Like doctors, food retailers have a paramount duty to “do no harm.” Yet lately, it's become increasingly difficult for retailers to keep consumers out of harm's way.
One does not have to look far into the recent past to come up with some good examples. Last month, the Westland/Hallmark Meat Co., based in Chino, Calif., issued the largest beef recall in history, 143 million pounds, after an undercover video showed workers kicking sick cows and using forklifts to try to force them to walk.
And earlier this month, Quaker Oats recalled certain boxes of its Aunt Jemima Pancake & Waffle mixes because of potential salmonella contamination. The remarkable parade of recalls that began in earnest with the spinach scare of 2006 shows little sign of abating.
On a separate but equally troubling front, last week Hannaford Bros. acknowledged a security breach at its stores that exposed more than 4 million credit and debit card numbers and led to about 1,800 cases of fraud. (See story, Page 1). The threat of security intrusions, like that of recalls, also promises to be with us for some time to come.
These issues call for food retailers to take aggressive stands to protect shoppers from both tainted food and credit card thieves. While some strides have been made in these areas, it's clear that more remains to be done.
Let's look at the recall issue first. In addition to working with suppliers on quality control from the farm all the way through to the shelf, retailers need a reliable and precise traceability system that can target tainted products and get them removed from the system as quickly as possible.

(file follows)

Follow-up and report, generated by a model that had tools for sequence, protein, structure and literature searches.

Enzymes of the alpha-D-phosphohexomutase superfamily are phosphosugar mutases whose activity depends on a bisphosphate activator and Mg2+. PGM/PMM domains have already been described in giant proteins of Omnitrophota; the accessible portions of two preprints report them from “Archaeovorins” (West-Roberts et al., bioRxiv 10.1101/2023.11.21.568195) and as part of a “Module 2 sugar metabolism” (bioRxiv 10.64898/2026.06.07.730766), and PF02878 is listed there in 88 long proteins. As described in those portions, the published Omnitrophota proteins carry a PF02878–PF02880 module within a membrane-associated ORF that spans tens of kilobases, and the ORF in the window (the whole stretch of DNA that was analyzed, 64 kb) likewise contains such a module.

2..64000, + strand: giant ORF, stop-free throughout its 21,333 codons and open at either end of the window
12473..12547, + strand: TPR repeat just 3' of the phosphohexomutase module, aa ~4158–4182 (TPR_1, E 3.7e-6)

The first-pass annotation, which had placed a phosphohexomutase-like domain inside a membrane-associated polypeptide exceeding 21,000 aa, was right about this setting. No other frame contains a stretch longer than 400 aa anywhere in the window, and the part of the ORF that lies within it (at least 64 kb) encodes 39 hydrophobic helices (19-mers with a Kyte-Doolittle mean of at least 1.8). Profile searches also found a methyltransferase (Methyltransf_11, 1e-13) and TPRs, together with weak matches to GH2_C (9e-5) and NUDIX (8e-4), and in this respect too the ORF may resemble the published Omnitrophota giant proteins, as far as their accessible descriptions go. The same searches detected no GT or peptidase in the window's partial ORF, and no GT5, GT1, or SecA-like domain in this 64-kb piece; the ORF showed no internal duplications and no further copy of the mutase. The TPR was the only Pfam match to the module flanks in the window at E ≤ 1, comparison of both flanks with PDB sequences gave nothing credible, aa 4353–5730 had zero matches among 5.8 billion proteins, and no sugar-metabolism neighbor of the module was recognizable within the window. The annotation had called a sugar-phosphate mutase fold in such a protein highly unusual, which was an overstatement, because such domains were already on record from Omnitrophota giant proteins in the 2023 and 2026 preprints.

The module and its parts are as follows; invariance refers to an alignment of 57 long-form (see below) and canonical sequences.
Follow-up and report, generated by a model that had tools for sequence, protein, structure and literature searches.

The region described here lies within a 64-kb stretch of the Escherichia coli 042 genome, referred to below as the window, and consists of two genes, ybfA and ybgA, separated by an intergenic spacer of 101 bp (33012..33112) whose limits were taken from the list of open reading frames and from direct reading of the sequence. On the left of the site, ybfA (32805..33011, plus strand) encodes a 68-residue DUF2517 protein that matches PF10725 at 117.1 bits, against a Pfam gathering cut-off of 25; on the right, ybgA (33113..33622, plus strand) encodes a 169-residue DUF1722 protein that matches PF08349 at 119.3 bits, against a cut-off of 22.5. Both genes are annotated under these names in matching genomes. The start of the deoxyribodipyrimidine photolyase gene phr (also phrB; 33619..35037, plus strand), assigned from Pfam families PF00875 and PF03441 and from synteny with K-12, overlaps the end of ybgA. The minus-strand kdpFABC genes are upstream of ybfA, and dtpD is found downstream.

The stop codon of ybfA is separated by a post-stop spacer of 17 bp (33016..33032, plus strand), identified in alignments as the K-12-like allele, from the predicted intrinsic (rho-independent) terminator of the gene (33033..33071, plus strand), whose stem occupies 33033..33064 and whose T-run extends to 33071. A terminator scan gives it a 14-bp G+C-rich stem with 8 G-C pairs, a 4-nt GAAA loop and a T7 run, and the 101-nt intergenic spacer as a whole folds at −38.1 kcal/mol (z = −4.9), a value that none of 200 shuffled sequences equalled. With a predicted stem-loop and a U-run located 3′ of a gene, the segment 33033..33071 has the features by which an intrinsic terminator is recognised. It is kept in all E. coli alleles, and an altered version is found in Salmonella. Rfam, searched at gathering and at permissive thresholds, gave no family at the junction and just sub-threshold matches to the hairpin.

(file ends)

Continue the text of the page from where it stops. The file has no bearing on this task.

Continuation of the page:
But, as delineated in a special report beginning on Page 31, the U.S. food industry has not excelled in traceability, falling well short of what its counterparts in Europe and elsewhere around the world are doing. Even when a company does employ a traceability system, unless everyone in its supply chain is on board with a similar system and process, a recall may well miss the mark.
Fortunately, the produce industry is asserting itself in this area with a program called the Produce Traceability Initiative. If all goes as planned, the initiative will result in all players in the produce supply chain — growers, packers, manufacturers, distributors and wholesalers, and retailers — using the same data and procedures to track and trace cases of produce when the need arises.
The key is, everyone will be singing from the same songbook. This would be a model that other product groups — including CPG companies — could emulate.
The data security issue appears in some ways more troublesome than the recall issue. In Hannaford's case, the chain has adhered to standards for data security — the Payment Card Industry Data Security Standard (PCI DSS) — and yet its network was infiltrated nevertheless.
At a minimum, retailers, banks and processors will need to come up with more hacker-resistant security standards than what's prescribed by PCI. And retailers will need to be more proactive about applying those standards without the fines and deadlines imposed by the card associations.
Because, before anything else, do no harm.